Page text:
Yesterday, the Los Angeles County Department of Public Health announced two long-awaited COVID-19 reopening developments: 1) that schools will be able to offer some “limited, on-campus operation” for their most vulnerable student (including those with Individualized Education Plans (IEPs), those who speak English as a Second Language (ESL), and those requiring “assessments or specialized in-school services”)…and 2) that barber shops and salons will once again be allowed to offer some indoor services. Both announcements, though, do come with strict criteria.
According to yesterday’s directive, LA County will not yet offer a Kindergarten-6th grade waiver program, as had been previously OK’d at the state level, but not the County level…but starting on Monday, September 14, K-12 schools can offer in-school services for small groups of students with IEPs, those requiring ESL instruction, and those who need special assessments and services, “as long as the school is able to fully implement the Health Officer’s re-opening protocols.”
According to the LA Times, “about 13%, or 64,500” of LAUSD students are “classified as having a significant disability in 2019. About 123,500 students are learning to speak English proficiently.”
The Times story also cautioned, however, that there are still issues to be addressed before even this level of re-opening can continue:
“While the county’s rules are meant to prioritize safety, they don’t guarantee that a school system will be ready to open for these small classes. L.A. schools Supt. Austin Beutner has noted in past statements that he, like many district employees, would fall into a high-risk category and that he wouldn’t ask employees to take a risk he would be unwilling to take himself.
Another unknown on Wednesday was the extent to which a district’s labor groups would have to sign off on plans to bring students back on campus. L.A.’s teachers union — and unions in many other school systems — only recently completed an agreement on the rules for distance-only learning. Rules for a return to campus will require a separate round of negotiations.”
Salons and Barber Shops
Meanwhile, hair salons and barber shops can immediately begin offering indoor services with limited occupancy (25% of normal capacity), as long as they are in compliance with other current protocols. At the same time, though, these businesses are also encouraged to “continue outdoor operations when possible, and to offer in-door operations for those services that cannot be provided outdoors.”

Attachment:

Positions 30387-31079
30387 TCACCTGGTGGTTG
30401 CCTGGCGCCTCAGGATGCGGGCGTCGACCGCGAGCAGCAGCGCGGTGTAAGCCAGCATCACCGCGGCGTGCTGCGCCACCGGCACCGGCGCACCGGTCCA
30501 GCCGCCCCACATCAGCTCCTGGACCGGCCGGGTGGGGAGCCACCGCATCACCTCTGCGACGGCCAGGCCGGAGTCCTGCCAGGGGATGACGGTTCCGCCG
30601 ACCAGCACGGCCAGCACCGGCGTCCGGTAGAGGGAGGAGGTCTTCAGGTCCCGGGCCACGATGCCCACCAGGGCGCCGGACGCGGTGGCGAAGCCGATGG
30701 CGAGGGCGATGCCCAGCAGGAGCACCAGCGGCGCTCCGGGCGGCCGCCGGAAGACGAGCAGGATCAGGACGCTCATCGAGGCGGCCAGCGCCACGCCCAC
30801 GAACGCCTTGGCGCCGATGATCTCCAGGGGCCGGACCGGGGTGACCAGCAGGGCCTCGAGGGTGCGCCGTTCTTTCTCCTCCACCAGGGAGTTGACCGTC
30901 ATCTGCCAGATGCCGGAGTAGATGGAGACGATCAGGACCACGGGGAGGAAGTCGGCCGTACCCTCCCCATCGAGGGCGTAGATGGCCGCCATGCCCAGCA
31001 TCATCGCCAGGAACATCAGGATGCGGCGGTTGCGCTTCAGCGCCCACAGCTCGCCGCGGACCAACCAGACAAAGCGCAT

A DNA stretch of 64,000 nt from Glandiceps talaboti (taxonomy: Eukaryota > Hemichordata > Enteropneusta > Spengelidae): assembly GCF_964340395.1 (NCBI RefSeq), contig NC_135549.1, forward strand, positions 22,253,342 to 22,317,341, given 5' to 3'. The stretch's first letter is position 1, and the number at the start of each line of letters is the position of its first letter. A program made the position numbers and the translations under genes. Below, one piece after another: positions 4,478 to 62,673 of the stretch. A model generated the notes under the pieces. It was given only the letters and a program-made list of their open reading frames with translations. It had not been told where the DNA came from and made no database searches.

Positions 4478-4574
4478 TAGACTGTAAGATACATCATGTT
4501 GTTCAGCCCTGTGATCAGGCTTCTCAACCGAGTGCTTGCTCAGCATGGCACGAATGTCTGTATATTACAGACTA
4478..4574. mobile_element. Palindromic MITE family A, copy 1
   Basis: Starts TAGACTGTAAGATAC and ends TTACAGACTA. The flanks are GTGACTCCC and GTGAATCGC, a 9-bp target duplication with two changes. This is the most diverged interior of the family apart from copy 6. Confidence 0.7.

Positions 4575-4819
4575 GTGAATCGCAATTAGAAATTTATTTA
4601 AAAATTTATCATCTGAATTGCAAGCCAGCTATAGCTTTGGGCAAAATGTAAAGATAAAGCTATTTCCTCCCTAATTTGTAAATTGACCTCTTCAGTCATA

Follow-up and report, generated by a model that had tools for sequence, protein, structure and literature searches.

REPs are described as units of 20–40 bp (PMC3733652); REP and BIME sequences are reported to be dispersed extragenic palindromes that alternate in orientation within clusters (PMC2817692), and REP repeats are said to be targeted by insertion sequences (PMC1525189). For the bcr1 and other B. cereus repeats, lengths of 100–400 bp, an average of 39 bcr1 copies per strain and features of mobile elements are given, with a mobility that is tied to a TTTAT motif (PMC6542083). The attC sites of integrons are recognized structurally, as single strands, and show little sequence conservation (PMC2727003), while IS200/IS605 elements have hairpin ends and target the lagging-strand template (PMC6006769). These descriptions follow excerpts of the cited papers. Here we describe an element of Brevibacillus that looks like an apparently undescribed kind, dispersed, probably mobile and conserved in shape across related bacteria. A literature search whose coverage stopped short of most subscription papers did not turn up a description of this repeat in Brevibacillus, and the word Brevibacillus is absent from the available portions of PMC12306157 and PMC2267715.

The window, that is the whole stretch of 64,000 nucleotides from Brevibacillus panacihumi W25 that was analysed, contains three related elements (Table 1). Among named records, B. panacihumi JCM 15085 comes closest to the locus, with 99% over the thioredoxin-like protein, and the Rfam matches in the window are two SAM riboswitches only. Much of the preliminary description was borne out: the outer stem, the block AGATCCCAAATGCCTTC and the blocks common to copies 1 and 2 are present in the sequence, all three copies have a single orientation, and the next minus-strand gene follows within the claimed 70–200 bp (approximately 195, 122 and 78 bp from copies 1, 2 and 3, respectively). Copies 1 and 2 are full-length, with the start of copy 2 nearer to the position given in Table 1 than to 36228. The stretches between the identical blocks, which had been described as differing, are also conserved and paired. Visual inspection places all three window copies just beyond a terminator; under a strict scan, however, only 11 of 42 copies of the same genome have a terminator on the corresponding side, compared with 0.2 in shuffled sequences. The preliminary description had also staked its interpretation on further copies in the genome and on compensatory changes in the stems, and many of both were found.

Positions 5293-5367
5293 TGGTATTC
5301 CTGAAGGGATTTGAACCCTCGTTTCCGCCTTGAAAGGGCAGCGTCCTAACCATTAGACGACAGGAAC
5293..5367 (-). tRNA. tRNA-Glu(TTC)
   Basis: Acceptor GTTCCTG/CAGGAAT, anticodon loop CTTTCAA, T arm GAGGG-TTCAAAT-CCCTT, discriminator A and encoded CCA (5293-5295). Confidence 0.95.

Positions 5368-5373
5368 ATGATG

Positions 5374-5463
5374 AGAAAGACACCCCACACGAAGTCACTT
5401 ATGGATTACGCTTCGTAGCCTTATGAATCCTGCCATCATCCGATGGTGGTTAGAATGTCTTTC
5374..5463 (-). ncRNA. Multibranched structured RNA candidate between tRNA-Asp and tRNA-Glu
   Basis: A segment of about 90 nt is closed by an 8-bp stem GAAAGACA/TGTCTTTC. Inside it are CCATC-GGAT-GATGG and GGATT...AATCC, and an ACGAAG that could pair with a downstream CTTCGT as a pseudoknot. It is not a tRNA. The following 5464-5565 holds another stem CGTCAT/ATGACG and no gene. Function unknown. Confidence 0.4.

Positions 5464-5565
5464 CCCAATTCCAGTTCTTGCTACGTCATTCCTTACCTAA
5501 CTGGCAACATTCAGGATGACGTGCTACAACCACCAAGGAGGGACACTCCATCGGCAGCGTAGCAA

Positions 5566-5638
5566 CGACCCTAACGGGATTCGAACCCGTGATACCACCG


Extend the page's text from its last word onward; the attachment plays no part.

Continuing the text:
As we expected, our local salons and barber were thrilled with this news, and resumed indoor services almost immediately. For details, see our separate story here.
While the two announcements yesterday were a step forward, LA County Director of Public Health Barbara Ferrer also cautioned against re-opening too many other things too soon.
“Right now, a cautious and titrated reopening – with close monitoring of what happens to our data in the weeks to follow – is needed to ensure we are not experiencing significant spikes in cases, hospitalizations and deaths, as we saw in July after re-openings and holidays,” Ferrer said. “As we slowly reopen sectors, we will watch closely how it is impacting community transmission. The longer our county’s 7-day average case rate remains above 7, as determined by the State, the longer we will remain in the State’s most restrictive Tier. In addition, once both our 7-day average case rate and 7-day average positivity percentage meet the criteria for Tier 2, they must stay there for at least two weeks before we can be moved to the next less restrictive Tier.”
For moree information on LA County Reopening Protocols, current case and infection rate data, and much more, see the LA County COVID-19 dashboard at http://publichealth.lacounty.gov/media/Coronavirus/data/index.htm
And for more information on the new tier system in which all California counties are classified for current COVID-19 risks and re-opening protocols, see https://www.cdph.ca.gov/Programs/CID/DCDC/Pages/COVID-19/COVID19CountyMonitoringOverview.aspx
You can find LA County’s tier status and a full list of what is and isn’t allowed to open at this time, at https://covid19.ca.gov/safer-economy (type “Los Angeles” into the county search line). Currently, we are still at the purple, or “widespread” threat level, with a case rate greater than 7 per 100,000 people, and a positive test rate greater than 8% (the two most important metrics for classification.)
Finally, here are the current COVID-19 case and death counts for our local Buzz-area neighborhoods:
About Elizabeth Fuller
Elizabeth Fuller was born and raised in Minneapolis, MN but has lived in LA since 1991 - with deep roots in both the Sycamore Square and West Adams Heights-Sugar Hill neighborhoods. She spent 10 years with the Greater Wilshire Neighborhood Council, volunteers at Wilshire Crest Elementary School, and is the co-owner/publisher of the Buzz.
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